European Ryder Cup captain Thomas Bjorn won’t find words that will motivate the Euros more than that as he watches his prospective players jockey to make the team.

    And, boy, did they jockey last weekend.

    The Euros dominated across the planet, not that they did it with the Ryder Cup as some rallying cry, because they didn’t. But it was a heck of an encouraging start to the year for Bjorn to witness.

    Spain’s Jon Rahm won the CareerBuilder Challenge on the PGA Tour, England’s Tommy Fleetwood started the week at Abu Dhabi paired with American and world No. 1 Dustin Johnson and won the European Tour event, and Spain’s Sergio Garcia won the Singapore Open in a rout on the Asian Tour.

    And McIlroy looked close to being in midseason form, tying for third in his first start in three months.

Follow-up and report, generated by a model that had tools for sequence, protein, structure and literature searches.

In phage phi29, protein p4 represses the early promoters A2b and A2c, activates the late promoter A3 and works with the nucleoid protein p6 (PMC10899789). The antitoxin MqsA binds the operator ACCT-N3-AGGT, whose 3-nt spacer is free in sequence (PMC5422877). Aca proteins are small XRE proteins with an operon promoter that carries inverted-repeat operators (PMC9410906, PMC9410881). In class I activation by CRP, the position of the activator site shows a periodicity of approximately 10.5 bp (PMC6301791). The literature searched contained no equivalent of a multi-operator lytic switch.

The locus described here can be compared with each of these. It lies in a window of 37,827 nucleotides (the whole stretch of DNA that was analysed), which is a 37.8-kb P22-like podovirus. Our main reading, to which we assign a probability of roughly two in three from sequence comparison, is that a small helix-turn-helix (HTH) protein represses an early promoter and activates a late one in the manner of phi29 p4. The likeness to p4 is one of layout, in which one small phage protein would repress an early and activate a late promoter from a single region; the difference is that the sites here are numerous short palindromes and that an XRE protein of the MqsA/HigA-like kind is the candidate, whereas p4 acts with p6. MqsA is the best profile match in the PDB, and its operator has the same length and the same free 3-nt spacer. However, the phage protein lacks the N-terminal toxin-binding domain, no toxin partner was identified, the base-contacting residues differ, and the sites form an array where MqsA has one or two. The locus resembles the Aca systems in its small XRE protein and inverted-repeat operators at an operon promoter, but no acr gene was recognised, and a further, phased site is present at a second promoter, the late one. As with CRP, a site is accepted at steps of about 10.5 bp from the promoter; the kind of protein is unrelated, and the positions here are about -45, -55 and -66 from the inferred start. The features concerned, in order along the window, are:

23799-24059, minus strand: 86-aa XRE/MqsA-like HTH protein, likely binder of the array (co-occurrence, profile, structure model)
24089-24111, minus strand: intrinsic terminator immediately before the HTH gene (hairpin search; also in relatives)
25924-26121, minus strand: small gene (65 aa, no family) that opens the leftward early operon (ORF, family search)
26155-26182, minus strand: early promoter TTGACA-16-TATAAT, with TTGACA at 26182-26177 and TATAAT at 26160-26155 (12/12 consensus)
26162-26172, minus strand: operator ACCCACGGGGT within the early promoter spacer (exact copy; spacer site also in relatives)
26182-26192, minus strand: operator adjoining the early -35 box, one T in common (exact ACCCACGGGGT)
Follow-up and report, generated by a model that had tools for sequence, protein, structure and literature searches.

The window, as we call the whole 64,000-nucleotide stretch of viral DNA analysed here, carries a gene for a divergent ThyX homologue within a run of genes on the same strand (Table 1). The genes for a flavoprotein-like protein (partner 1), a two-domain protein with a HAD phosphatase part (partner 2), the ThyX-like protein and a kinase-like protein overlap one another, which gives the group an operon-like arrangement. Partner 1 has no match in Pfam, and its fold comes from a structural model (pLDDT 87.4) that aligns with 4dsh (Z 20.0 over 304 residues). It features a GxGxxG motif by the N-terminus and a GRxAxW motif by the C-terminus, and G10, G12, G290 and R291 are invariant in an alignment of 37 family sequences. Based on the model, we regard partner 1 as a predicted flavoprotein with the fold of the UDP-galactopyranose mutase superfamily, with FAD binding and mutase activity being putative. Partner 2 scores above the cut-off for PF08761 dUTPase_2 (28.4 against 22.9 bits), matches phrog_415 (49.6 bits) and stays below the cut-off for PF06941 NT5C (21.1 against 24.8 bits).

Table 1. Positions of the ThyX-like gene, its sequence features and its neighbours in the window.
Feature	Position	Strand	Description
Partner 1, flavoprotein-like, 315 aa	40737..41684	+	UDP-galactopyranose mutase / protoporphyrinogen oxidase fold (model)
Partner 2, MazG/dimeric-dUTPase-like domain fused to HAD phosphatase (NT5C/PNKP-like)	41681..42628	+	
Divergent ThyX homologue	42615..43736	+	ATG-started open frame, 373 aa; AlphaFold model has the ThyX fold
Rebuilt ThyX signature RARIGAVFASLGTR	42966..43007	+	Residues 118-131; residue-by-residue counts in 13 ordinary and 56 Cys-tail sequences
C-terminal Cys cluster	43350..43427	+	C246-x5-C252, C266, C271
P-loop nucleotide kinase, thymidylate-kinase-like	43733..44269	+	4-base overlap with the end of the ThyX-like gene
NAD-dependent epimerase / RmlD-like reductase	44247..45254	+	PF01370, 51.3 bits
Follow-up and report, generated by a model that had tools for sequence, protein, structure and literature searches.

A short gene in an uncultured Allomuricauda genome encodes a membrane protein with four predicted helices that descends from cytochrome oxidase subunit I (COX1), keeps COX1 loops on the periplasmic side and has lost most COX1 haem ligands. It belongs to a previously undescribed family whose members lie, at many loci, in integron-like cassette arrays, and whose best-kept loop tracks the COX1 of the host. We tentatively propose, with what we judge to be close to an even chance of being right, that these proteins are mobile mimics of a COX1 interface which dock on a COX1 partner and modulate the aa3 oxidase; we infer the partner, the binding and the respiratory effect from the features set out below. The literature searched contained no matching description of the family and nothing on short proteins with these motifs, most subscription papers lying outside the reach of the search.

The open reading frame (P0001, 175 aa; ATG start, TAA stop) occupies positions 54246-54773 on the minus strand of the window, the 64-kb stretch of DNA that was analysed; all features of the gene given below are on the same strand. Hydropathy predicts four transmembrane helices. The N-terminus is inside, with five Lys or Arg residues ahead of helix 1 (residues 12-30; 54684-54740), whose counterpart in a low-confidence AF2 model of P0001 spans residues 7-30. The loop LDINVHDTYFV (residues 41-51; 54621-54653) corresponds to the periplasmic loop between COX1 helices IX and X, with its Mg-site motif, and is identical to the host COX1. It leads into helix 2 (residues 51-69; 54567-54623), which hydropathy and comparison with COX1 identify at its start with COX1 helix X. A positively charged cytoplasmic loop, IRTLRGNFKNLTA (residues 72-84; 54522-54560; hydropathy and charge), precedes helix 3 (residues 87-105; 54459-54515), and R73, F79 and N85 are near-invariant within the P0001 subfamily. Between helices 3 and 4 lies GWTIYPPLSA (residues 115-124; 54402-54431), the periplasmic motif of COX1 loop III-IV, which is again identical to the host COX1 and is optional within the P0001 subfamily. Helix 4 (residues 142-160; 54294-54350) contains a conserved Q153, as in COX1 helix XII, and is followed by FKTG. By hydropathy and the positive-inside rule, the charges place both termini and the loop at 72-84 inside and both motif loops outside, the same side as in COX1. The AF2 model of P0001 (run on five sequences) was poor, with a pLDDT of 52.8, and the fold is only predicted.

Yes, it’s only January, and the Ryder Cup is still a long way off, with so much still to unfold, but you got an early sense from McIlroy how much defending European turf will mean to him and the Euros in Paris in September.

    The Masters is great theater, the U.S. Open a rigorous test, The Open and the PGA Championship historically important, too, but the Ryder Cup touches a nerve none of those do.

    The Ryder Cup stokes more fervor, provokes more passion and incites more vitriol than any other event in golf.

    More bulletin board material, too.

    Yeah, it’s a long way off, but you can already hear the Ryder Cup’s King Kong like footsteps in its distant approach. Watching how the American and European teams come together will be an ongoing drama through spring and summer.